By Scott Miller
Published Nov. 9, 2012
Republican state Sen. Larry Grooms, chairman of the Senate’s Transportation Committee, said Thursday he will propose legislation mandating that a certain percentage of growth in state revenues be set aside for road projects.
Raising the state’s 16.8-cents-a-gallon gasoline tax, which is among the lowest in the nation, is not a political option for upgrading and maintaining the state’s highway system, Grooms said, speaking at the Upstate Chamber Coalition’s Transportation Summit.
The state could generate an additional $340 million and up annually for road upgrades, if it set aside 1% to 5% incrementally from growth in state revenues over the next five years. Doing so would prevent the state from diverting current funding from education, public safety and other needs, he said.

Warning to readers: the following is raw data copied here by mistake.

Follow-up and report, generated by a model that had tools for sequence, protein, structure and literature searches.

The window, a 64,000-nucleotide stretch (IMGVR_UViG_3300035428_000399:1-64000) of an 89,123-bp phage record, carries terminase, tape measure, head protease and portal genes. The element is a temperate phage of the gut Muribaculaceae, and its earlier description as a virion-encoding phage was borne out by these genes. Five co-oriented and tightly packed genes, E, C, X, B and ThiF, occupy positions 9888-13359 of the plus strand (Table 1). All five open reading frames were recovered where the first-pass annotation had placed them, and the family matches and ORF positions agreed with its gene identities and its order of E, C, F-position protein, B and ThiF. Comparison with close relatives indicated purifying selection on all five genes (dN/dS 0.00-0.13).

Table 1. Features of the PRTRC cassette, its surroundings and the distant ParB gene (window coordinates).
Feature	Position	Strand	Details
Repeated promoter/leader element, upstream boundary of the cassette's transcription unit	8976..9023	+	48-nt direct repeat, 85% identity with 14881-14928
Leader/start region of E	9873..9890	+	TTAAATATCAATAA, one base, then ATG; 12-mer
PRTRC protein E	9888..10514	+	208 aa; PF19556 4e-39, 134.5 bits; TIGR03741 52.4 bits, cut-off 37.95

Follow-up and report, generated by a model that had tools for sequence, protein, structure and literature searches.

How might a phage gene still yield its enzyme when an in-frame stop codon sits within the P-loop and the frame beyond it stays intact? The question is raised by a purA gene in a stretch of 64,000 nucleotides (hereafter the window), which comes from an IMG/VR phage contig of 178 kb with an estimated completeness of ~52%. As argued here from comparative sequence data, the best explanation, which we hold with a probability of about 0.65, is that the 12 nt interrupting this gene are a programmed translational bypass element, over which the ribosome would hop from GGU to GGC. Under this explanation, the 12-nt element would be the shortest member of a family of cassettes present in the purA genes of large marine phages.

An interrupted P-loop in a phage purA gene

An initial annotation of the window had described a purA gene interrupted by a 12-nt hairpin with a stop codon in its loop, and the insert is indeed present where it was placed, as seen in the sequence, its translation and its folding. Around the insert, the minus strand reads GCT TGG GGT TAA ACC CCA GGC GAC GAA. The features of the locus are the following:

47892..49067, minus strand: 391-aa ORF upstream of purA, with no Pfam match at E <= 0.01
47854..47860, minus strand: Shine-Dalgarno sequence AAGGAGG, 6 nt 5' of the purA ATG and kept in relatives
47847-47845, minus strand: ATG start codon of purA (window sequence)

State general fund revenues for the current fiscal year are expected to be more than $6.5 billion, up about 6% from the prior year, according to estimates by the S.C. Bureau of Economic Analysis. That’s about $400 million in added general fund revenue this year that will be split among education, public safety, transportation and other agencies.
Highway widening and upgrading is particularly important, Grooms said, as state exports expand with the deepening of the Charleston Harbor. Better infrastructure is needed to handle the increase in freight from Upstate manufacturers to the Port of Charleston.
The budget for the S.C. Department of Transportation last year was nearly $1.3 billion, including about $815 million from the federal government, $450 million from the state and $35 million from other local sources.